On the Come Up

On the Come Up

Angie Thomas


For the kids with the SoundCloud accounts

and the big dreams. I see you.

And for my mom, who saw it in me first.

Part One

Old School


I might have to kill somebody tonight.

It could be somebody I know. It could be a stranger. It could be somebody who’s never battled before. It could be somebody who’s a pro at it. It doesn’t matter how many punch lines they spit or how nice their flow is. I’ll have to kill them.

First, I gotta get the call. To get the call, I gotta get the hell out of Mrs. Murray’s class.

Some multiple-choice questions take up most of my laptop, but the clock though. The clock is everything. According to it, there are ten minutes until four thirty, and according to Aunt Pooh, who knows somebody who knows somebody, DJ Hype calls between four thirty and five thirty. I swear if I miss him, I . . .

Won’t do shit ’cause Mrs. Murray has my phone, and Mrs. Murray’s not one to play with.

I only see the top of her Sisterlocks. The rest of her is hidden behind her Nikki Giovanni book. Occasionally she goes “Mmm” at some line the same way my grandma does during a sermon. Poetry’s Mrs. Murray’s religion.

Everyone else cleared out of Midtown School of the Arts almost an hour ago, except for us juniors whose parents or guardians signed us up for ACT prep. It’s not guaranteed to get you a thirty-six, but Jay said I better get close since she “paid these folks a light bill” for this class. Every Tuesday and Thursday afternoon, I drag myself into this classroom and hand my phone over to Mrs. Murray.

Usually I’m cool with an entire hour of not knowing what the president tweeted. Or getting texts from Sonny and Malik (sometimes about shit the president tweeted). But today, I wanna go up to that desk, snatch my phone from the pile, and run out of here.

“Psst! Brianna,” someone whispers. Malik’s behind me, and behind him Sonny mouths, Anything yet?

I tilt my head with a How am I supposed to know, I don’t have my phone eyebrow raise. Yeah, that’s a lot to expect him to get, but me, Sonny, and Malik have been tight since womb days. Our moms are best friends, and the three of them were pregnant with us at the same time. They call us the “Unholy Trinity” because they claim we kicked in their bellies whenever they were together. So nonverbal communication? Not new.

Sonny shrugs with an I don’t know, I’m just checking, mixed in with Damn, you ain’t gotta catch an attitude.

I narrow my eyes at his little light-skinned Hobbit-looking behind—he’s got the curly hair and the big ears. I don’t have an attitude. You asked a dumb question.

I turn around. Mrs. Murray eyes us over the top of her book with a little nonverbal communication of her own. I know y’all not talking in my class.

Technically we’re not talking, but what I look like telling her that, verbally or nonverbally?


Three minutes and that phone will be in my hand.


Two minutes.



Mrs. Murray closes her book. “Time’s up. Submit your practice test as is.”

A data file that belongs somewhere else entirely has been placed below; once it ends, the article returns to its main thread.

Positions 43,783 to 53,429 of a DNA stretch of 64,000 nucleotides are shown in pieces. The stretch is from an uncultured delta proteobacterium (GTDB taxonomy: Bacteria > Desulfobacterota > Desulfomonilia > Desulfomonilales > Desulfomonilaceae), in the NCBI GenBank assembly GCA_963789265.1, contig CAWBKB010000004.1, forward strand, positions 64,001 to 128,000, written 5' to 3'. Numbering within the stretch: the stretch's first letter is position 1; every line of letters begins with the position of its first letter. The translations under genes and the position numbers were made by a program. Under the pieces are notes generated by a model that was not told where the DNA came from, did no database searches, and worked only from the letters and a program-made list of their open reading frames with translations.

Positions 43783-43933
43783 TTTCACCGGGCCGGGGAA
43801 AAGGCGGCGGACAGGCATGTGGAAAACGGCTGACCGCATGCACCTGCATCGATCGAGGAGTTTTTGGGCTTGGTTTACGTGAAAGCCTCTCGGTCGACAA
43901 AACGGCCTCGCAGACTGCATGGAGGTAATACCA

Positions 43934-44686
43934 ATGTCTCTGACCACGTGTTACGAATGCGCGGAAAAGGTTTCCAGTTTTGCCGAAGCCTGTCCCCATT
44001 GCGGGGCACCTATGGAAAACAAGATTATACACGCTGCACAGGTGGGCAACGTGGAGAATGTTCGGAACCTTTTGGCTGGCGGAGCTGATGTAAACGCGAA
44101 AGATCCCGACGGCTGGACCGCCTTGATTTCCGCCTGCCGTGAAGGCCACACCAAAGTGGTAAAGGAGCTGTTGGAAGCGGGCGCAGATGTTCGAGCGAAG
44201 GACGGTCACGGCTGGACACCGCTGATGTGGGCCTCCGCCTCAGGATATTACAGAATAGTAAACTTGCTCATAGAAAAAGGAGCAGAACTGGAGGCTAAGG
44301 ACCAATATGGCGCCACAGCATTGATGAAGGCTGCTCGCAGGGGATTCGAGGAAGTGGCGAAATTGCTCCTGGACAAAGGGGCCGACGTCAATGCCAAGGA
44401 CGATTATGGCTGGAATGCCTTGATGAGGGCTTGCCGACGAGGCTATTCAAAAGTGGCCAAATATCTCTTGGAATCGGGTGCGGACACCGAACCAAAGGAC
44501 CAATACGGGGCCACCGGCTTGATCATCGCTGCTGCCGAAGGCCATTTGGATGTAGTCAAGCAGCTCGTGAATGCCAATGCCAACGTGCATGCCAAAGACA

Shit. The test.

For me, “as is” means not a single question is answered. Thankfully, it’s multiple choice. Since there are four choices per question, there’s a 25 percent chance that I’ll randomly choose the right one. I click answers while everyone else collects their phones.

Everyone except Malik. He towers over me as he slips his jean jacket over his hoodie. In the past two years, he went from being shorter than me to so-tall-he-has-to-bend-to-hug-me. His high-top fade makes him even taller.

“Damn, Bri,” Malik says. “Did you do any of the—”

“Shhh!” I submit my answers and sling my backpack over my shoulder. “I did the test.”

“Long as you’re prepared to take an L, Breezy.”

“An L on a practice test isn’t really an L.” I throw my snapback on, pulling the front down enough so it can cover my edges. They’re a little jacked at the moment and will stay jacked until Jay braids my hair.

Sonny beat me getting to Mrs. Murray’s desk. He goes for my phone like the true ride-or-die he is, but Mrs. Murray grabs it first.

“That’s okay, Jackson.” She uses his real name, which happens to be my last name. His momma named him in honor of my grandparents, her godparents. “I need to talk to Brianna for a second.”

Sonny and Malik both look at me. What the hell did you do?

My eyes are probably as wide as theirs. Do I look like I know?

Mrs. Murray nods toward the door. “You and Malik can go. It’ll only take a moment.”

Sonny turns to me. You’re fucked.

Possibly. Don’t get me wrong; Mrs. Murray is sweet, but she does not play. One time, I half-assed my way through an essay about Langston Hughes’s use of dreams. Mrs. Murray went in on me so bad, I wished Jay would’ve gone in on me instead. That’s saying something.

Sonny and Malik leave. Mrs. Murray sits on the edge of the desk and sets my phone beside her. The screen is dim. No call yet.

“What’s going on, Brianna?” she asks.

I look from her to the phone and back. “What you mean?”

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